Receiving Presentation Feedback — Some of the Ins and Outs

As a speaker, I want to know how I am doing. However, I think that asking for and receiving feedback can be one of the hardest parts of working on our skills that exists.

Oftentimes, when we have given a presentation, members of the audience rush up for one of the following reasons:

  • To tell us how much they enjoyed and gained from our presentation.
  • To ask a question about something we addressed or didn’t address.
  • To tell us about a part of our presentation or something we did that they particularly liked or
  • To tell us something we did incorrectly, left out or were mistaken about.

All of the above types of feedback are important, not only because they make us feel good or bad, but also because they can show us what areas of our speaking are strong and can be used to our advantage and what areas we need to examine and work on. We must ask ourselves, however, if we can honestly agree with the feedback and then if the suggestions are feasible.

We should never try to change so much that we become uncomfortable or not ourselves. We do need to maintain our uniqueness, even if it “ruffles a few feathers.”

How about the evaluation sheets that audience members are often asked to fill out?

  • Other presenters and I have mixed emotions about these kinds of evaluations.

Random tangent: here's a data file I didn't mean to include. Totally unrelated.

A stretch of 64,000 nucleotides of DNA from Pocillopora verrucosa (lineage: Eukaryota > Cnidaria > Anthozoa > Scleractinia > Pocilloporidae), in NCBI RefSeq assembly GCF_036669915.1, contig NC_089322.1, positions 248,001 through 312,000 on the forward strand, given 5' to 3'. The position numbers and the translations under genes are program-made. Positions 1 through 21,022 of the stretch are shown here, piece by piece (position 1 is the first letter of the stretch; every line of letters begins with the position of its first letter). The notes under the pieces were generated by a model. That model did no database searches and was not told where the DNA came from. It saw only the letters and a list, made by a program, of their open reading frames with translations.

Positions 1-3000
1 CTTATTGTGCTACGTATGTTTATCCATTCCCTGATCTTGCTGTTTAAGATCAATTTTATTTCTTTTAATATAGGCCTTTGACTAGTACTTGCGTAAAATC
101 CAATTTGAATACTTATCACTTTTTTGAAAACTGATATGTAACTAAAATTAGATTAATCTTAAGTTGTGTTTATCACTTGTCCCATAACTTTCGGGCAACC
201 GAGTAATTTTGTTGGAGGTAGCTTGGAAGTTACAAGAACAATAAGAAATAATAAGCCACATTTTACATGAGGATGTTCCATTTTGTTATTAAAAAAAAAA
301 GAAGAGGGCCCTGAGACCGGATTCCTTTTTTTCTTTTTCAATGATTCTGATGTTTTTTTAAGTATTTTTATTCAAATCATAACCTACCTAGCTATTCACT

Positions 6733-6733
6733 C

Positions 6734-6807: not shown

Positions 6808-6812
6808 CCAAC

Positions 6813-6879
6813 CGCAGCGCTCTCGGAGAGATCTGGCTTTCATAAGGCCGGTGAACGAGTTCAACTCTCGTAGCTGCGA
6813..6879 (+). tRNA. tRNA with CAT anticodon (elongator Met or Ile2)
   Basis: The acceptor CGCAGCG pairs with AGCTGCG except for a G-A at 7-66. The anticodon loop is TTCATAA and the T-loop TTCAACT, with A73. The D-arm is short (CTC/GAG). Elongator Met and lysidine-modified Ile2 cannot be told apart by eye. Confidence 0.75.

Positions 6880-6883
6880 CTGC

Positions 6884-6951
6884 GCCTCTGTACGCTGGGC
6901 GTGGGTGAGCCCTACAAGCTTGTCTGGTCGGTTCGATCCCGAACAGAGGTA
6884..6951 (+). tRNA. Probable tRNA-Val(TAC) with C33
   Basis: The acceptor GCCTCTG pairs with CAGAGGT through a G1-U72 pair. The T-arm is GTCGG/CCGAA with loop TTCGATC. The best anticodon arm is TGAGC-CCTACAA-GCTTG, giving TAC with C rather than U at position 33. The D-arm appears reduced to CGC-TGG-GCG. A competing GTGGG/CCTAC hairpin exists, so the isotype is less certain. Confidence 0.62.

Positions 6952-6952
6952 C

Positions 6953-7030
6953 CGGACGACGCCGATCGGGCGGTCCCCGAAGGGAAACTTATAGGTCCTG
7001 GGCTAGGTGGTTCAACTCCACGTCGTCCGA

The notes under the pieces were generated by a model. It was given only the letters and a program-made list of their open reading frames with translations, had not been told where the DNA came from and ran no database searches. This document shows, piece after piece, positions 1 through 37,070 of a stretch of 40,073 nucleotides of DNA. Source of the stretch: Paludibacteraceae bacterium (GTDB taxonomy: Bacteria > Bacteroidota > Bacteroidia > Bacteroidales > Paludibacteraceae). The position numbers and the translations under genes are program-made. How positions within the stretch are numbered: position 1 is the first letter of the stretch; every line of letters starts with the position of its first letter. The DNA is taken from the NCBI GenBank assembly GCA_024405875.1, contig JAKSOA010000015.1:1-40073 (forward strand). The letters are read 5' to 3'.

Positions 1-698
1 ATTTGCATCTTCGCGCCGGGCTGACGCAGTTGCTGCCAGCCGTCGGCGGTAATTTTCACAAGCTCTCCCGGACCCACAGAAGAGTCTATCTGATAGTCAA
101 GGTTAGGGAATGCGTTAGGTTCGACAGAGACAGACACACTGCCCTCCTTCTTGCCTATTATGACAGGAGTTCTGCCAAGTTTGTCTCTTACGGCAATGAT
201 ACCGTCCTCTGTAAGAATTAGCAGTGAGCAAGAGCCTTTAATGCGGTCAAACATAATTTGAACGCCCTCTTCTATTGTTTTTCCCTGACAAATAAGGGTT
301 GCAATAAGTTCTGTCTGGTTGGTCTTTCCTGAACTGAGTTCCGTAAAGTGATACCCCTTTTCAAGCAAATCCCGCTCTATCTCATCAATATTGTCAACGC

• First of all, let me say that if we receive 100 great evaluations and two that are poor and/or degrading evaluations, we tend to focus on the two (it is human nature).
  • I know speakers that throw a whole stack of evaluations in the waste basket without even looking at them. They feel that most of the time, the sheets are destructive and useless.
  • My advice is to take what you feel is constructive and worth changing (usually a technique or skill), but forget what attacks you as a person (your character, style or uniqueness).
  • I find that if the same comment is repeated often, this is something that I should work on improving.

What are other ways to receive feedback? I often mention Toastmasters. It doesn’t matter what level of speaking we have achieved, we will receive helpful evaluations on a regular basis if we join a Toastmasters club. Every speech we give will have an evaluator assigned. Just be sure to tell him or her what areas to focus on, and how tough you want your evaluation to be. You will also learn a huge amount by doing evaluations yourself. There are also advanced clubs available where you will have the opportunity to work at a more intense level with tougher evaluations.

When should we give feedback? I would never give any kind of critical feedback, unless asked to, and I also hesitate to give feedback to some others who ask for it. These are the people who do not really want to follow any kind of advice and will also take the defensive and argue with you about your feedback. I feel that I am not helping them and am only gaining an enemy for the time and effort expended.